General Pediatrics Wards:

During the inpatient wards rotation, residents admit general pediatric patients as well as subspecialty patients from a variety of services with varying levels of complexity. We care for common pediatric illnesses such as dehydration, asthma, bronchiolitis, and appendicitis. We also care for complex patients that follow with many of our subspecialists including endocrinology, genetics, and allergy/immunology. Family-centered rounds occur daily at the bedside with the wards attending. Senior residents function as general pediatric consultants for the pediatric surgery and other subspecialty surgical patients. Weekly inpatient teaching occurs both informally on rounds and formally through a structured inpatient wards curriculum.

Resident on the inpatient wards rotation also care for patients with hematologic, oncologic, neurologic and renal disorders. Family-centered teaching rounds occur daily with the hematology/oncology, child neurology and nephrology fellows and attendings.


Our neonatal intensive care unit consists of 55 beds, which includes intensive care, intermediate care, and observation areas. While rotating through the NICU residents become experienced with resuscitation of both premature and term infants. Under the guidance of our neonatal attendings and fellows, they manage the care for premature infants with their associated complications as well as full-term infants with a spectrum of genetic syndromes.


Senior residents spend 2 months rotating through the PICU at UI Health, and interns do a one-month PICU rotation at the John H. Stroger, Jr. Hospital of Cook County. At UI Health, residents are exposed to critically-ill children with a spectrum of pediatric medical and surgical illnesses. At Stroger, interns care for critically-ill children, many of whom have suffered burns and trauma-related injuries. Residents work under the supervision of pediatric critical care faculty at both sites, caring for patients throughout their PICU course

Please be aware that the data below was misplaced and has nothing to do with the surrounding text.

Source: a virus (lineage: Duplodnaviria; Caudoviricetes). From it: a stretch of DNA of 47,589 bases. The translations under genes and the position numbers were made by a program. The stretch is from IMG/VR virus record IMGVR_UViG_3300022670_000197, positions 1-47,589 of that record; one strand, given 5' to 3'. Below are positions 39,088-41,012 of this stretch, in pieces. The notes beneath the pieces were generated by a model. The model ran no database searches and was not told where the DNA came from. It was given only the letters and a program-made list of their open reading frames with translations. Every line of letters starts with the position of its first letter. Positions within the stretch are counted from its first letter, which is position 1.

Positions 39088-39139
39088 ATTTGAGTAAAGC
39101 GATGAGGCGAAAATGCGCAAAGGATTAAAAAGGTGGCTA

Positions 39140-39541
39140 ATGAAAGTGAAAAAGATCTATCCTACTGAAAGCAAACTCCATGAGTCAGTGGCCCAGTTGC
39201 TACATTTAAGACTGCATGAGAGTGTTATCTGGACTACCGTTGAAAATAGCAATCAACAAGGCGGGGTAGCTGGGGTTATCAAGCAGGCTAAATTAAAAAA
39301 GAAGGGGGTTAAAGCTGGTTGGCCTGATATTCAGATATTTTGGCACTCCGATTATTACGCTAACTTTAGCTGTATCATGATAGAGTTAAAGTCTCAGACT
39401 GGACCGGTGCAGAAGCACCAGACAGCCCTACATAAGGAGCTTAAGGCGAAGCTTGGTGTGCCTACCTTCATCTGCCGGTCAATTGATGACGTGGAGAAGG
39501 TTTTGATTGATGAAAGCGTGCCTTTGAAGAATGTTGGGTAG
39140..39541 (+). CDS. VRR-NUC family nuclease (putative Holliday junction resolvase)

Night Team:

Residents provide overnight coverage during their rotations on NICU, PICU, and Wards. The NICU and Wards teams are comprised of one senior resident and one intern, while one senior resident covers the PICU. The overnight teams conduct night rounds for each of their patients–speaking with families and consulting with their nursing staff or attending as necessary for patient care. Residents use an inpatient night curriculum to facilitate their education of core inpatient pediatric topics while working at night.

Mother Baby Unit:

Each resident spends 1-2 months in the Newborn Nursery. During this rotation, they attend deliveries requiring pediatric support and learn the fundamentals of evaluation and resuscitation in the immediate post-partum period. Residents work closely with our general pediatricians to master the well newborn exam and learn to discuss routine newborn care with new mothers. Interns attend Newborn Clinic during their Y blocks, providing excellent continuity for families from the nursery to the Child and Youth Center at UI Health as they transition home.